26 Oct 2021

Reducing carbon emissions in Northern Ireland’s homes

The race to net-zero emissions has fired people’s minds and hit the headlines in recent weeks. With new announcements from the UK government and with COP26 taking place in Scotland, net-zero has found a welcome place at the centre of public conversations.

On the upside, UK targets to date to reduce emissions have been met – greenhouse gases have reduced by around 45 per cent from 1990 levels. However, there is a big question mark over whether future targets can be met.

And there are specific concerns around housing, where the Climate Change Committee has described the progress in tackling decarbonisation of buildings as “very poor”. One of the latest initiatives is a long-awaited heat and buildings strategy for England and Wales. It is a welcome and much needed development, albeit one that needs to go further if we are to achieve our goals.

Meanwhile, Northern Ireland does not have such a strategy. More broadly, we are still playing catch up – progress was delayed by the collapse of the NI Executive, which serves to make the job harder to get on track.

So what progress is taking place in Northern Ireland? There are two climate change bills moving through the Assembly, both of which set targets and carbon budgets to bring down emissions. However, one is the NI Executive bill and the other is a private member’s bill with more ambitious targets. It is important that these two bills are reconciled in some way, and we get a target into law that will help to drive the agenda.

We are also moving to enhance building regulations. The law changed last year to require all new public buildings, including all new social housing, to be built as nearly-zero energy buildings (nZEB). While the technical guidance is not yet in place to advise what constitutes nZEB, the Department of Finance is now consulting on an uplift to the relevant building regulations which is welcome.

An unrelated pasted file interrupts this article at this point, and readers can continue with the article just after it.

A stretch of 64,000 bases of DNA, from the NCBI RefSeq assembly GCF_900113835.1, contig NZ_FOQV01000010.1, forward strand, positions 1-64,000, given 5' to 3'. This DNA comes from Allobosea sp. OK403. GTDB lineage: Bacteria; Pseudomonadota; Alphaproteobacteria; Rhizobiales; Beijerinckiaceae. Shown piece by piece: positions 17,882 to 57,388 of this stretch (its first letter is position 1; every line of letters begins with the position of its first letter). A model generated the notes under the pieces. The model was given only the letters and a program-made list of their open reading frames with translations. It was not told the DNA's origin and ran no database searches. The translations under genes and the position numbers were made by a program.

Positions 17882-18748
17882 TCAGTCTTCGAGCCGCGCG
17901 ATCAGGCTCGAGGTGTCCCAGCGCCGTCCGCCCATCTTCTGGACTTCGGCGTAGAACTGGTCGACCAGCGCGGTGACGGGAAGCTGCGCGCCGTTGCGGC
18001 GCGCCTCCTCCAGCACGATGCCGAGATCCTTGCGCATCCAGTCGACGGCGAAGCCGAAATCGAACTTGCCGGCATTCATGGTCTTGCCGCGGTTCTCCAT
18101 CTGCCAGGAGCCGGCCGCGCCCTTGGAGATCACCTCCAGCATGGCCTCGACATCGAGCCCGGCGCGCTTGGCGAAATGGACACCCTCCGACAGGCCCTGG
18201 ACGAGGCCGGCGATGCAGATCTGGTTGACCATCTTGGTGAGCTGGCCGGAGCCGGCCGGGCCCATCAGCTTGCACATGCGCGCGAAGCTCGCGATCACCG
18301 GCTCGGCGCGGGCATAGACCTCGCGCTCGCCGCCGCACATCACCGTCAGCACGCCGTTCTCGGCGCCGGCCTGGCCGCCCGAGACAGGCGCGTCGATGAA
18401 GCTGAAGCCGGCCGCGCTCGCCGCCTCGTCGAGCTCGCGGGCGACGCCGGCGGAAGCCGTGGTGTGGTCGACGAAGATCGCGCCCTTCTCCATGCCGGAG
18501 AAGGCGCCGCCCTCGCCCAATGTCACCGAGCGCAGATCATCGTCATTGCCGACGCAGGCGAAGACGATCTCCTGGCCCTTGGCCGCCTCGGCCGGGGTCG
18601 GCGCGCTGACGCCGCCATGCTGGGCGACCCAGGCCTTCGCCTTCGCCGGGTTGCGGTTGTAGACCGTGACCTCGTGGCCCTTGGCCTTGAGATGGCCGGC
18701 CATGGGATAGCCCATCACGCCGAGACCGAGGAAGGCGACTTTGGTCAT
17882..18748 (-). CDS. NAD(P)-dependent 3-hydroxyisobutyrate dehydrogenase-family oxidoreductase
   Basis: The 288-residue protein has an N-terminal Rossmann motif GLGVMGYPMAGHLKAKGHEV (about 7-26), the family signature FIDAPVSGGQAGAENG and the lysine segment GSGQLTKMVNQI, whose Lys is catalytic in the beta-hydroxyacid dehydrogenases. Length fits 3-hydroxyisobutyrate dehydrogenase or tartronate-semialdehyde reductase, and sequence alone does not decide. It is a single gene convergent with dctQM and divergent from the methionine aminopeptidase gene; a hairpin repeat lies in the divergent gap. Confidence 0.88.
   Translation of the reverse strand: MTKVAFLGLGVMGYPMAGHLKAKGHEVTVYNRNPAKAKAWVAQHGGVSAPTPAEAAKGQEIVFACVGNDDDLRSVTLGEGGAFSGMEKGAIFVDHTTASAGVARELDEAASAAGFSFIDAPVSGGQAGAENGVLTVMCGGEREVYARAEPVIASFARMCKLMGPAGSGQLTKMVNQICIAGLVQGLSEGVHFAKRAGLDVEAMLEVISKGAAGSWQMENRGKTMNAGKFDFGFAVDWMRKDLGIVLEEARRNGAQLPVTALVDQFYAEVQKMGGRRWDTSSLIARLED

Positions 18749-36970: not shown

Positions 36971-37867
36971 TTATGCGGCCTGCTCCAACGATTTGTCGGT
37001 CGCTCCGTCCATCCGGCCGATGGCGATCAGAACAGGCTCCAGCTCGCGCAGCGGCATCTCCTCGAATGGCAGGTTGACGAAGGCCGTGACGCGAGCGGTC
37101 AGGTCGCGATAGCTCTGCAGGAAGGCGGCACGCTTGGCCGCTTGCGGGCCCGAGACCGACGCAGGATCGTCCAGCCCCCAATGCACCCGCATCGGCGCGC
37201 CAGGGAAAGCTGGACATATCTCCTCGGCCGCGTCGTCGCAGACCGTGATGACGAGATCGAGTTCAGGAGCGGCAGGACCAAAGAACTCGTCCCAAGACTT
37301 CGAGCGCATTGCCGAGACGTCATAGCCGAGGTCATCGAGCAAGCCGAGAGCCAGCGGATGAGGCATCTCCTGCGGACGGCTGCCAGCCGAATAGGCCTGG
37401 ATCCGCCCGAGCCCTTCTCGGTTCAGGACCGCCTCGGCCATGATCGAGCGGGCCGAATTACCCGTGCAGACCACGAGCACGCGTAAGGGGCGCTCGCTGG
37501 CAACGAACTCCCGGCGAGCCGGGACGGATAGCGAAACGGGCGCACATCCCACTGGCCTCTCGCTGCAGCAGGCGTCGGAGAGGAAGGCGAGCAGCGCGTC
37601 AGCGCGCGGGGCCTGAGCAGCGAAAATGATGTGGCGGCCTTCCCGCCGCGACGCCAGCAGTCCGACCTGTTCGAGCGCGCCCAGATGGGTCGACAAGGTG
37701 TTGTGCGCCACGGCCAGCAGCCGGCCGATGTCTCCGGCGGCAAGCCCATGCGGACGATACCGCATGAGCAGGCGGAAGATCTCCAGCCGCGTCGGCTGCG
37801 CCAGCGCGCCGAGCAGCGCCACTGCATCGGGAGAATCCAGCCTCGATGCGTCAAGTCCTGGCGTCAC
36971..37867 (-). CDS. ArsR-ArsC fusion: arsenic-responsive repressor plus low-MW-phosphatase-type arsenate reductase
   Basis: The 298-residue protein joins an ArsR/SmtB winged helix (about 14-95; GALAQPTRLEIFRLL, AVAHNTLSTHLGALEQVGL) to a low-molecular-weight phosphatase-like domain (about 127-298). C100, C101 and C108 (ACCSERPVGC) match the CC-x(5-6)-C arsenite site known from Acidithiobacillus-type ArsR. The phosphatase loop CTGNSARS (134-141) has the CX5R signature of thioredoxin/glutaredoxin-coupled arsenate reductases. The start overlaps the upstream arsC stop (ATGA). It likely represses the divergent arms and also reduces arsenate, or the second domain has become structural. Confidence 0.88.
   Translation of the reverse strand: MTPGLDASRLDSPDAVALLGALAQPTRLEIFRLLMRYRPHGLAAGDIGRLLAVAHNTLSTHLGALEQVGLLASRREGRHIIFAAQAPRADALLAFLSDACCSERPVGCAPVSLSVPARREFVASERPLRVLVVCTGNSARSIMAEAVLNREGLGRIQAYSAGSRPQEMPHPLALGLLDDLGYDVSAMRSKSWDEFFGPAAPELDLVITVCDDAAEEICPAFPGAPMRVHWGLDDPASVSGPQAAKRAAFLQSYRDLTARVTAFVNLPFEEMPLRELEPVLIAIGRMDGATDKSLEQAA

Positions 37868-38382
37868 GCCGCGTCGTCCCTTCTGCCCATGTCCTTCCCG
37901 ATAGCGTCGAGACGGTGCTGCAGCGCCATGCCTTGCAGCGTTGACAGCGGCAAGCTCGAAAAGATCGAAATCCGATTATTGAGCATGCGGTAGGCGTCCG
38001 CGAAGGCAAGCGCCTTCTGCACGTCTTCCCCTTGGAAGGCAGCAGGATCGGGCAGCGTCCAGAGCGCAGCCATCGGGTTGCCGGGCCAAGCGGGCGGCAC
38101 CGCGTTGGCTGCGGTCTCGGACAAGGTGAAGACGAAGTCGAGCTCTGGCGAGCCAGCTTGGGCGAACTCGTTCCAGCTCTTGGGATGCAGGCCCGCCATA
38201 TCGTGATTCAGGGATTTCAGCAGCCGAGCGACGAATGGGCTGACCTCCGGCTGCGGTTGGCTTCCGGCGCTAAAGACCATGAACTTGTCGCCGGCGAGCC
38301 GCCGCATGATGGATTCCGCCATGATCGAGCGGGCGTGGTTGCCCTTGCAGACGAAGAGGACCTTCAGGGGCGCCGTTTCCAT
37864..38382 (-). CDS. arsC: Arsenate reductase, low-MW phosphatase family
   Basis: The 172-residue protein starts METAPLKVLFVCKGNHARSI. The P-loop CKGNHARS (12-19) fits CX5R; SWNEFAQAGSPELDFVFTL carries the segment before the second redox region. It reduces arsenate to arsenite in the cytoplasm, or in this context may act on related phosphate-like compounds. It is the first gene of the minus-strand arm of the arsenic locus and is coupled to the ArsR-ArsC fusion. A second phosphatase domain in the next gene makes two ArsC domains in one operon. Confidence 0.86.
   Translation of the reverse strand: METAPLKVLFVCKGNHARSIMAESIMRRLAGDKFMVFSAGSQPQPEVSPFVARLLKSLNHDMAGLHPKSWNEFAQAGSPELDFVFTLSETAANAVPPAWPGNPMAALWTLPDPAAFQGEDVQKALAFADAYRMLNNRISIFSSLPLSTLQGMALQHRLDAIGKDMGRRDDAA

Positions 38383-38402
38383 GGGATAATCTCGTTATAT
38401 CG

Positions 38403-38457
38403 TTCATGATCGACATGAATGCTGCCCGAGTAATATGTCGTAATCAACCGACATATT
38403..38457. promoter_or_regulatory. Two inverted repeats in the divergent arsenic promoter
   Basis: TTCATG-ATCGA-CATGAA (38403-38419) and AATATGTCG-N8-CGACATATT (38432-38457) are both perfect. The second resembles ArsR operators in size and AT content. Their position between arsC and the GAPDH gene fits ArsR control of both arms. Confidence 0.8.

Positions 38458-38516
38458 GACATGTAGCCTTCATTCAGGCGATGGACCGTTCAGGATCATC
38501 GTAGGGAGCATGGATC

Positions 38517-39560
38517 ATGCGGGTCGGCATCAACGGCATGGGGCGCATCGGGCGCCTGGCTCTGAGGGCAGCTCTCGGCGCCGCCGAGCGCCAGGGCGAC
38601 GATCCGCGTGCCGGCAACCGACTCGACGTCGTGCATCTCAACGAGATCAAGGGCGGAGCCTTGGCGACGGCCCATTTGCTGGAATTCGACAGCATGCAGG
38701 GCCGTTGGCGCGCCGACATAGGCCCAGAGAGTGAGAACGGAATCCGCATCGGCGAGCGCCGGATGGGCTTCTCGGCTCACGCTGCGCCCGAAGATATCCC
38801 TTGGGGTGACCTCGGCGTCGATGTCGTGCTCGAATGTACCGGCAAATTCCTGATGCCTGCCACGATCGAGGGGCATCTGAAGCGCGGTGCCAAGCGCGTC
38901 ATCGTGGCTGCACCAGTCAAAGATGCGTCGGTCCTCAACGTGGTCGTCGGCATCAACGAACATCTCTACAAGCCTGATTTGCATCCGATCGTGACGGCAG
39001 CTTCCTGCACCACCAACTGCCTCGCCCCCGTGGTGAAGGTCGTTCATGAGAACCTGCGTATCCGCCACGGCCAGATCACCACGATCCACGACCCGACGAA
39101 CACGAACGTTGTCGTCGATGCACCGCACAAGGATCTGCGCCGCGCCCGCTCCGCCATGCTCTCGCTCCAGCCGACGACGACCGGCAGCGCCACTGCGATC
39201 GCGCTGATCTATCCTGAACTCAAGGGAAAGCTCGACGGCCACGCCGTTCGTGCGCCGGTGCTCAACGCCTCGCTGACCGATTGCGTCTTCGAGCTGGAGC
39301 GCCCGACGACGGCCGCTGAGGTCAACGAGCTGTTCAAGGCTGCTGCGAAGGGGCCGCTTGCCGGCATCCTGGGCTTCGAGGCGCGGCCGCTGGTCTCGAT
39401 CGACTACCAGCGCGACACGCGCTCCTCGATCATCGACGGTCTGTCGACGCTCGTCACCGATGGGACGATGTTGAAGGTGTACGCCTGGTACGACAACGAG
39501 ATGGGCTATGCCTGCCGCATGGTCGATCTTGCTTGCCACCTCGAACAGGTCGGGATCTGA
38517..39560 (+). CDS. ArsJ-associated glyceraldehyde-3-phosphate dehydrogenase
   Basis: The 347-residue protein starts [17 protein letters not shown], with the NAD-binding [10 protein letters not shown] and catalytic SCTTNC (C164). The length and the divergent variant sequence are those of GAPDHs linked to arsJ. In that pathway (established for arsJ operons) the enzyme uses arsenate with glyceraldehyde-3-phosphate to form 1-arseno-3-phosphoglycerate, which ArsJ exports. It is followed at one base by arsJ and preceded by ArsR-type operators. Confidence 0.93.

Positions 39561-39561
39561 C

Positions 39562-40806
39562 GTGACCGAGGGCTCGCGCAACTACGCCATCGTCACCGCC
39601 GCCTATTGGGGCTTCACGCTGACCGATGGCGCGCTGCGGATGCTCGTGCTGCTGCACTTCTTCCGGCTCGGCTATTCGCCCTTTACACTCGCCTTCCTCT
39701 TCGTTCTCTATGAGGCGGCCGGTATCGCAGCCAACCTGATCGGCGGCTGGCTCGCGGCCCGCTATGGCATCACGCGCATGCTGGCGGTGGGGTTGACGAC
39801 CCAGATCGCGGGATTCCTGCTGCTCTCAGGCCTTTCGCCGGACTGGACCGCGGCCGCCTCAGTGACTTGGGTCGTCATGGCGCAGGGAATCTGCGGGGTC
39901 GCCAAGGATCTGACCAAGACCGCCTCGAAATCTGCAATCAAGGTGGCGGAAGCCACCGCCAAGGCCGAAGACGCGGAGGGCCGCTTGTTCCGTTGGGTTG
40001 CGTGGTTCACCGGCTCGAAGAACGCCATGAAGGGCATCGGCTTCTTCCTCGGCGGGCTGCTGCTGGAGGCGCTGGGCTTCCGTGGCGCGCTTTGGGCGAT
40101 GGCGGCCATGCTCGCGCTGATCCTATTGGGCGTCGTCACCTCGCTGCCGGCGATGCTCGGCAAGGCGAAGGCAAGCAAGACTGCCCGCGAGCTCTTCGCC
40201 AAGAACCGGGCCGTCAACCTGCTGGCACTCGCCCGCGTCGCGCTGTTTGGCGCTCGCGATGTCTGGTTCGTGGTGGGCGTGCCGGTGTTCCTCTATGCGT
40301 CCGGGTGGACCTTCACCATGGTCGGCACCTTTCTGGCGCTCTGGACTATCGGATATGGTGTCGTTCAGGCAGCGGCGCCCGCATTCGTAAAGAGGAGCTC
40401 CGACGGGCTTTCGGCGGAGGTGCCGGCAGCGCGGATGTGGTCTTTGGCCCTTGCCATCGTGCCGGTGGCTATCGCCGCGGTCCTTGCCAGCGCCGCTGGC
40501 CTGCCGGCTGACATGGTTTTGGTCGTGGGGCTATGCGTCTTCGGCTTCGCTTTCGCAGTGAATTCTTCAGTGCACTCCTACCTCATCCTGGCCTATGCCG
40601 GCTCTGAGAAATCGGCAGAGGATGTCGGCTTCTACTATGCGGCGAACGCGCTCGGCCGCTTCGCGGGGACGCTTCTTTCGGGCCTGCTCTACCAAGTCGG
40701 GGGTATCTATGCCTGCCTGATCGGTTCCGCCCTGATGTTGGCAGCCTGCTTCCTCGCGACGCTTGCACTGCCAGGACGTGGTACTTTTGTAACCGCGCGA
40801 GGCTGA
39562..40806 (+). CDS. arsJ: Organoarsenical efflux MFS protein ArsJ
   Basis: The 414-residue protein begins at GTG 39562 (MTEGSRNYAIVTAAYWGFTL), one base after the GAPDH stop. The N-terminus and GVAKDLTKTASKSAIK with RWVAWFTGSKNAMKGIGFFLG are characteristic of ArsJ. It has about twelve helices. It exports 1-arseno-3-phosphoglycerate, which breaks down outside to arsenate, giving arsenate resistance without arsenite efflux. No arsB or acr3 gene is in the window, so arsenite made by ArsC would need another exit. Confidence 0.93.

There is other activity – for example the revitalisation of the Housing Executive which is central to unlocking the funds needed to reach net-zero for its 84,000 homes. And there is a housing supply strategy expected at the start of the November from the Department for Communities, which primarily examines constraints on supply but also considers net-zero issues.

There is other collaborative sector-led work too – CIH Northern Ireland is leading an initiative together with Aico and with NIFHA and Supporting Communities to scope out how the sector can play its part to help push this conversation along and promote resident involvement.

But what are the areas where we need to go further?

  • Funding. The investment requirement for net-zero is considerable. We need a new, specific fund for the retrofit of social housing in Northern Ireland. Existing funding streams also need to be maximised and unlocked – streams from the UK, from the EU where it is still open to us, and local ones too. And private finance will need to be mobilised across all housing tenures.
  • People. There is an ongoing need for a public conversation around net-zero, with clear and consistent messaging. Polling in the UK shows people are supportive of the need to lower emissions, but support starts to fall once you start talking about individual impacts like replacing boilers. So people must be reassured that we are on a journey together as we all embrace and learn to use different technology, just as society has done many times in the past. That doesn’t mean there won’t be difficult conversations and decisions.
  • Government. We need policy certainty, not least to encourage private investment and bring down future costs of achieving net-zero. We need a clear, long-term strategies. Particularly, a heat and buildings strategy in Northern Ireland.
  • Skills and technology. Finally, the right technological solutions are required to support the work in the housing sector. And the right skills are needed in the supply chain. There’s a clear role here for the education sector and professional bodies too.
Written by Justin Cartwright

Justin Cartwright is the national director of CIH Northern Ireland.